The anticipation surrounding London’s 2012 Summer Olympic Games inspired us to seek out other exhilarating sporting events around the world. Here is where to catch some of the world’s most exciting races – from crab racing in Tobago to jungle rafting down the Amazon.
The Tour de France finish in Paris
Nothing in the cycling world beats the grand finale of its greatest
race, the Tour de France. After
riding 3,500km across the length and breadth of France, riders put the
pedal to the metal down Paris’ most prestigious street, the Champs-Élysées. The
overall winner of the race is usually decided well before the riders
reach Paris (often on the notoriously steep Alpe d’Huez stage), but in the
last stretch there are still points available for sprinters, so a fast
finish is guaranteed. With ample opportunity to see your favourite
cyclists up close, the atmosphere – bustling cafes, jostling fans and
frantic French commentary – is unforgettable.
Camel racing in Dubai
This age-old sport is enjoying a
renaissance in the Emirates, thanks to the futuristic intervention
of robots. The juxtaposition of camels stampeding across sand in
front of a modern urban skyline used to be bizarre enough. But now, the
camels are ridden by tailor-made robotic jockeys, instead of young children
(an aspect of the sport that had been swamped in controversy). Owners control
their jockeys remotely and fans say that camel racing has never been so
exciting, since the machines weigh far less than human jockeys.
and crab racing festival
Goat racing started in Tobago in 1925, after wealthy colonialists began
racing thoroughbred horses in neighbouring Trinidad. Today, Easter
Tuesday’s goat race
at Buccoo, a fishing village in Tobago’s secluded southwest, has
achieved cult status. The comical race, in which competitors run behind their
bleating steeds, is the focal point of several brilliant events, including
a goat parade with commentary and a major sideshow in the equally
competitive sport of crab racing.
Going coast to coast in New Zealand
cycling and kayaking, this gruelling,
243km event is touted as the planet’s toughest adventure race. It
reaches from the east to west coasts of New Zealand’s South Island
and crosses the Southern Alpine mountains in the process. For spectators,
the race offers stunning scenery, with the 66km kayak down the wild Waimarkariri
River regarded as the race highlight – especially where the water funnels into
an imposing gorge with ice-capped peaks looming above. The route is
riddled with oddly familiar scenery: many of the iconic shots in
Peter Jackson’s Lord
of the Rings trilogy were filmed here.
Snail racing in England
“Ready, steady, slow” goes
the catchphrase at the leading competitive snail-racing venue, a cricket pitch in
the sedate Norfolk village of Congham, England. It does not provide
many adrenaline highs (unless you are a participating gastropod), but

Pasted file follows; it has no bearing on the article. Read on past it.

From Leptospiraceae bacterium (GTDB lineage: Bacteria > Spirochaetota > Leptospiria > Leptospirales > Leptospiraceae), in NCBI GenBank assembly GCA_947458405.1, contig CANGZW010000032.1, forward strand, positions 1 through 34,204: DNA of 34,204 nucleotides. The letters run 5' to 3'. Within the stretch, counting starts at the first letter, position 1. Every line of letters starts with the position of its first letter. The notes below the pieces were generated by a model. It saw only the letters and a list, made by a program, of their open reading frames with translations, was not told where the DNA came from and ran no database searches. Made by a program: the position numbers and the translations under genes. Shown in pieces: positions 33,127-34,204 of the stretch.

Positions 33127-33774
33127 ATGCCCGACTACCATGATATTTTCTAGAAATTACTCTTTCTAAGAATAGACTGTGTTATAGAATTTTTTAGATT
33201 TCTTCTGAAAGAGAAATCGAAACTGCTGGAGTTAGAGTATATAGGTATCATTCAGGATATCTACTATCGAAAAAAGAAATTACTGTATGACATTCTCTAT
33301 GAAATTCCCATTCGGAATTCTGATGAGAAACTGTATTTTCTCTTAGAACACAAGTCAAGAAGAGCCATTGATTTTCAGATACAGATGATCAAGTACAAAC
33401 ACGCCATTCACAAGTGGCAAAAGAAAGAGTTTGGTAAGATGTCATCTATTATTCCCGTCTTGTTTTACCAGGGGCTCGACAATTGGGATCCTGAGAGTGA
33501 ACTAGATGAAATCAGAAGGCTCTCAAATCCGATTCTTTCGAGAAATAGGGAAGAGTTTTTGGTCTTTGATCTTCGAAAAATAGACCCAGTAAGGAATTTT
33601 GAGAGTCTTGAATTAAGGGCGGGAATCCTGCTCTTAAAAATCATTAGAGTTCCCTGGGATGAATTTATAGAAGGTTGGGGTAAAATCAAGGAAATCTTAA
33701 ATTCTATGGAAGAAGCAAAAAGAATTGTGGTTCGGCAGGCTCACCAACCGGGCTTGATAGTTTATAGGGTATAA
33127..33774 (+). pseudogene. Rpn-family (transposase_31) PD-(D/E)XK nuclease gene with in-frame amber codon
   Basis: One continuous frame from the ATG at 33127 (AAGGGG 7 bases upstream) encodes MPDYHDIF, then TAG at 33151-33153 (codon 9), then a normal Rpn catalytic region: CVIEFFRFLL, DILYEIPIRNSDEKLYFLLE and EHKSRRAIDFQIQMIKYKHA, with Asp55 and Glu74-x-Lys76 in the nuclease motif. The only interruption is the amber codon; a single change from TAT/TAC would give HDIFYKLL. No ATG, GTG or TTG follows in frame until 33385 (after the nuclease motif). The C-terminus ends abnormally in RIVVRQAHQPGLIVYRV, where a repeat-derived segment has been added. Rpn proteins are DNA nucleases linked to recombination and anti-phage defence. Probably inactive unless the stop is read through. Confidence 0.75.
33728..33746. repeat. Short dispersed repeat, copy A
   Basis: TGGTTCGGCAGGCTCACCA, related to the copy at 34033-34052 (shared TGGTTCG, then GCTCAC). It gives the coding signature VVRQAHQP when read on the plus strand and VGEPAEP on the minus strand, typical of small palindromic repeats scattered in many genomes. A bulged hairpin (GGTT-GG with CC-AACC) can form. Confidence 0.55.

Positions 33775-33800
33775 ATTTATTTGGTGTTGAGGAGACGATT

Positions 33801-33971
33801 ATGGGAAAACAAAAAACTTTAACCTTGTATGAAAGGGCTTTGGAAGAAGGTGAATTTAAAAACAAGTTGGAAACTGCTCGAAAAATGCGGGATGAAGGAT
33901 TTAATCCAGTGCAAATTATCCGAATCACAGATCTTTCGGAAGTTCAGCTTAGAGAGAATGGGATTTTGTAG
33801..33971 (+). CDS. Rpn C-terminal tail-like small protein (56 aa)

compensates for that in sheer strangeness, as crowds gather to
glimpse the snails race from the centre of a table to its periphery
under the watchful eye of the “snailmaster”. Why Congham? It has lots of ponds around,
apparently, and snails like ponds.
Peru’s Amazon raft race
Ever wondered how to get to a city of 500,000 people, when there are no
access roads? During this annual jungle raft
race to Iquitos, hundreds of crews in weird and wonderful vessels take
to the world’s greatest river, the Amazon. A cornucopia of colourful craft
-- built from scratch by competing teams -- battle caimans, piranhas,
currents and each other in order to complete the 180km course.
Balloon racing in Nevada
Every September, the skies above Reno, Nevada become a blaze of
inflated glory during the Great Reno
Balloon Race. With three days of races, displays and
challenges, this technicolour event – the largest free ballooning festival
in the US – wows some 140,000 spectators, as pilots compete for a $20,000
first prize. But the high-altitude fun does not end with a simple race;
also on offer is “Balloon Blackjack” and Reno’s famous “Hare and
Hounds” event -- an airborne simulation of a traditional
British hunt, during which 100 balloons chase down two hot-air “hares”.
Mongol Derby in Mongolia
If you really want
to feel like a modern day Marco Polo, experiencing this 1,000km
unsignposted romp through the Mongolian steppe is the way to do it.
Far and away the world’s most arduous horse race, the derby sees
entrants saddling up in much the same manner as the famed explorer
did eight centuries ago, carrying all their gear and refuelling at homes of local
families en route. It will just be you, your steed, your GPS (in case you
get lost, which is incredibly easy) and kilometre after kilometre of
remote, rolling plains.
Dakar Rally in Chile and
Despite having switched from the original France-Senegal route to South American Patagonia,
this legendary race is most definitely
still on the radar of serious offroad race enthusiasts, with trucks,
bikes, quad bikes and cars converging to careen across thousands of
kilometres of rugged terrain. Over the course 13 days, adventure hot spot
Patagonia throws the Andes and swaths of the driest desert on earth into
the path of participants, alongside an enviable palette of colour, from
the lush greens of the Pampas to the fiery reds of the Atacama at
Taking its superfit
participants from 85m below sea level to 2,530m above in a
mere 217km, the Badwater course is
every bit as “bad” as its name suggests. The world’s toughest
road-running race gives entrants just 48 hours to make it from the
depths of Death Valley, the lowest point in the western hemisphere,
up to the slopes of Mount Whitney, one of the highest points in the United
States. It is an arresting part of the planet; salt flats, dunes,
canyons and monumental mountain ranges are all part of the package.
The article 'The greatest races to watch live' was published in partnership with Lonely Planet.